Image Credits: ANDREW HARNIK / AP.

I was prepared to be receptive to John Daniel Davidson’s column in The Federalist. The premise seemed promising. He’s been traveling across the country to cover the Democratic primaries. In doing so, he’s made a habit of talking to Democratic voters to see what’s on their mind and how they feel about the various candidates. He doesn’t adopt a confrontational tone, but instead hides his own political beliefs in order to get a more candid response from the people he interviews. By contrast, he feels that most reporters are not making the same good faith effort to understand Trump voters, and this is because the mainstream press loathes Trump and has nothing but contempt for his followers.

I was hoping he might offer me one of two things, if not both. First, I thought he’d tell me what he’s learned about the Democratic voters and what it might mean for the upcoming primaries and the general election. Perhaps he’d also find time to give an example or two where he’s learned something or modified his view on some subject. After all, it would be a bit strange not to find any merit in anything he hears people say about politics or to discover any new angles on policy after listening to people discuss their struggles and challenges.

Second, I thought he’d tell us some of what the mainstream reporters would likely discover if they were to adopt his respectful approach to listening to people he disagrees with. If there’s a story out there that helps explain Trump’s appeal that isn’t getting reported for lack of listening, then couldn’t Davidson give us at least a preview on that?

Unfortunately, Davidson did none of these things in his column. He provided no opinion on how Democrats are leaning in the primaries or whether or not one candidate or another is in a good position because they’re in tune with the voters. He didn’t say that he had modified a single opinion of his own through his interactions with Democrats or discovered some way that a Republican could attract a few of them. He said nothing about what really drives Trump voters to Trump.

His column was built entirely around documenting examples of mainstream journalists and television personalities showing condescension toward anyone who puts their trust in Trump.

As we move further into the 2020 cycle, you’re going to see a lot more of this sneering contempt for Trump voters from the media, especially for voters in rural and exurban areas. When you do, know that of all the reporters and pundits traveling the country to cover the election, very few are doing the relatively easy work of trying to understand and empathize with the people they’re writing about.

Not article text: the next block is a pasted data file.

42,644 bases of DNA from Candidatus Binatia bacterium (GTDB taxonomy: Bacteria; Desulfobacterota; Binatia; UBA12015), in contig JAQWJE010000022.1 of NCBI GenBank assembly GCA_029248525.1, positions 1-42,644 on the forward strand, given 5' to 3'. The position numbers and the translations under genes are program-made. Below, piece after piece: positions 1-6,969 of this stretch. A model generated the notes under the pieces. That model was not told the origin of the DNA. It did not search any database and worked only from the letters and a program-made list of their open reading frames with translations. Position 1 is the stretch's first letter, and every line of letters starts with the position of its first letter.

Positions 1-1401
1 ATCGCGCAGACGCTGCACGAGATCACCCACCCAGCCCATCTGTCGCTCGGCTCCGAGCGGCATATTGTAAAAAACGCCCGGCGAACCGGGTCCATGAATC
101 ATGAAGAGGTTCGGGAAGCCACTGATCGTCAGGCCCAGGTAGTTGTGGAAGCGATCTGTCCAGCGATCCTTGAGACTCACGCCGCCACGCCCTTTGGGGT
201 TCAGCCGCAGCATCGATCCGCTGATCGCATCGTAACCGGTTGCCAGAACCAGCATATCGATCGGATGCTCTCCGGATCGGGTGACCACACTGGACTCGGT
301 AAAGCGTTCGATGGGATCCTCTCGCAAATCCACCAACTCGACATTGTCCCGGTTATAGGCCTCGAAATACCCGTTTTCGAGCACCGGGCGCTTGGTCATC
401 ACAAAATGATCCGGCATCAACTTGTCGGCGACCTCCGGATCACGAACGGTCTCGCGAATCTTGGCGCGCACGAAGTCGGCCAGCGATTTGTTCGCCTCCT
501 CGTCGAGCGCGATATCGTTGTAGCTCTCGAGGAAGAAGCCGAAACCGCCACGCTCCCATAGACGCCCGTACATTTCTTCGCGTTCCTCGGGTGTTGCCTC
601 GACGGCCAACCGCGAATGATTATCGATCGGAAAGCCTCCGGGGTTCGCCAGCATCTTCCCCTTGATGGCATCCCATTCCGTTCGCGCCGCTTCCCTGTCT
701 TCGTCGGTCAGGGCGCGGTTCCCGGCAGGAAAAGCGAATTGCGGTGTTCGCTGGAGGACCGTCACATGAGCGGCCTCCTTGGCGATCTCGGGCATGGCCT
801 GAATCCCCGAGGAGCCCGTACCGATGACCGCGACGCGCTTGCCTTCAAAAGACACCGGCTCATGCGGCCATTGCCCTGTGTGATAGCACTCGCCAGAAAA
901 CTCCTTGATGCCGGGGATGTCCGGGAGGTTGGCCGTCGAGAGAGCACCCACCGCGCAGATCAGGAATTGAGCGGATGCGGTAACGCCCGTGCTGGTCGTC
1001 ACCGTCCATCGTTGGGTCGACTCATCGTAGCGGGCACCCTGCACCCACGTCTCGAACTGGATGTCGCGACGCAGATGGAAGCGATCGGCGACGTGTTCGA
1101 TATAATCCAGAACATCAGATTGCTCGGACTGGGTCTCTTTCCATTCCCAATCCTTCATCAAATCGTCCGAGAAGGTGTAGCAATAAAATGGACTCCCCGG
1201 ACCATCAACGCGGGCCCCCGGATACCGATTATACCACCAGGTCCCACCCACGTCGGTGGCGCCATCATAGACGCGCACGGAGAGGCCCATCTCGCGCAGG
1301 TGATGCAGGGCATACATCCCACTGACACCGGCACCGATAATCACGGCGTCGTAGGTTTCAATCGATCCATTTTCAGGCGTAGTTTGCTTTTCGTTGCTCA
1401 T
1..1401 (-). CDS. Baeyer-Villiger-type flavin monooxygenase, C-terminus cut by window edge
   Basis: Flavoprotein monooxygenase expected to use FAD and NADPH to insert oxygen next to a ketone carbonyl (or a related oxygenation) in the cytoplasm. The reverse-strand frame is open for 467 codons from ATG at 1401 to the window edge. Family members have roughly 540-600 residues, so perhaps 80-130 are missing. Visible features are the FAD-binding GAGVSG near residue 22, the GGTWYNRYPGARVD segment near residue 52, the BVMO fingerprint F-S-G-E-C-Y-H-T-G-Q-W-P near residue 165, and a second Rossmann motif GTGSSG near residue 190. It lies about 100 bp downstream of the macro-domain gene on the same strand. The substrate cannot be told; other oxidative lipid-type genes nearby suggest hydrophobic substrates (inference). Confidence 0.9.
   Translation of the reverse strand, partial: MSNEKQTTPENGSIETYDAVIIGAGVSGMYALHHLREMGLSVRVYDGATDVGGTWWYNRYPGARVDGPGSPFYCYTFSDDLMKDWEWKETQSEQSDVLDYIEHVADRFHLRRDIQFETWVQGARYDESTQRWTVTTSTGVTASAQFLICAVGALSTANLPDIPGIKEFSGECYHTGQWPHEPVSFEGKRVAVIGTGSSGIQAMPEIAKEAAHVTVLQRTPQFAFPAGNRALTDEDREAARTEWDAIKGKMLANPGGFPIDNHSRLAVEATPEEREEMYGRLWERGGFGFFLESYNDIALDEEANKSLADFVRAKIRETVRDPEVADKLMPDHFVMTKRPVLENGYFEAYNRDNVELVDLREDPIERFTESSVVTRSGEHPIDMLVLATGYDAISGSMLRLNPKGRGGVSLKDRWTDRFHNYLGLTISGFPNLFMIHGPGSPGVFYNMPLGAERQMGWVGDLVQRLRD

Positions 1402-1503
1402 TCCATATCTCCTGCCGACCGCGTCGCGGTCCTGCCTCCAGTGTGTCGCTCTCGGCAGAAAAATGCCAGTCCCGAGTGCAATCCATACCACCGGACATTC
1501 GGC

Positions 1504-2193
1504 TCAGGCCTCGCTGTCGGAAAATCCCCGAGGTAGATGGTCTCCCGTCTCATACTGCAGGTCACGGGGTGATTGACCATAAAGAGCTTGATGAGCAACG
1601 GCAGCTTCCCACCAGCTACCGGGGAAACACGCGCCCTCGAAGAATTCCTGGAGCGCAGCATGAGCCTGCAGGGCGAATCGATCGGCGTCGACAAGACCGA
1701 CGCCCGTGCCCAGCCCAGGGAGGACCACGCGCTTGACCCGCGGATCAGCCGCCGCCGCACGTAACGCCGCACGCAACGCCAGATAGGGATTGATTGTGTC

The media wasn’t interested in why so many people were drawn to Trump four years ago, and despite all that’s happened since then, they still aren’t interested. That’s why so much of the political reporting you’ll see this year will be flat and colorless, lacking any real insight or nuance, and dripping with a condescension bordering on hatred.

There’s a kind of circular reasoning that emerges from this, even though it isn’t openly expressed in the piece. Basically, Davidson is saying that Trump voters hate the media because the media hate them. What people like about Trump is that he has the same relationship with the elitist press that they do. It’s as if the mainstream press could make Trump less appealing by being more respectful to his supporters. Except that wasn’t supposed to the the point of the piece.

Most Democrats I encounter feel like there has been a lot of articles published about how Trump voters feel and comparatively few articles about what Clinton voters felt. Even after the election, this trend continued. As a major resistance rose up and got organized to fight President Trump, these organizers were profiled now and then, but not with the same frequency as the mainstream press filled their articles with quotes from Trump voters.

But even if we accept Davidson’s premise that reporters don’t actually talk to or listen to Trump voters, it’s clear that the entire point of his piece is to ramp up a feeling of grievance. Davidson wants to highlight examples of people in the press showing disrespect to Trump’s supporters so that they won’t give any credence to negative stories about Trump. He wants to feed their sense of victimhood so that they behave like a threatened tribe.

It’s too bad that Davidson has no higher ambitions than this. If he’s to be believed, he’s talked to enough voters to have plenty of interesting material. But he provides nothing interesting at all.

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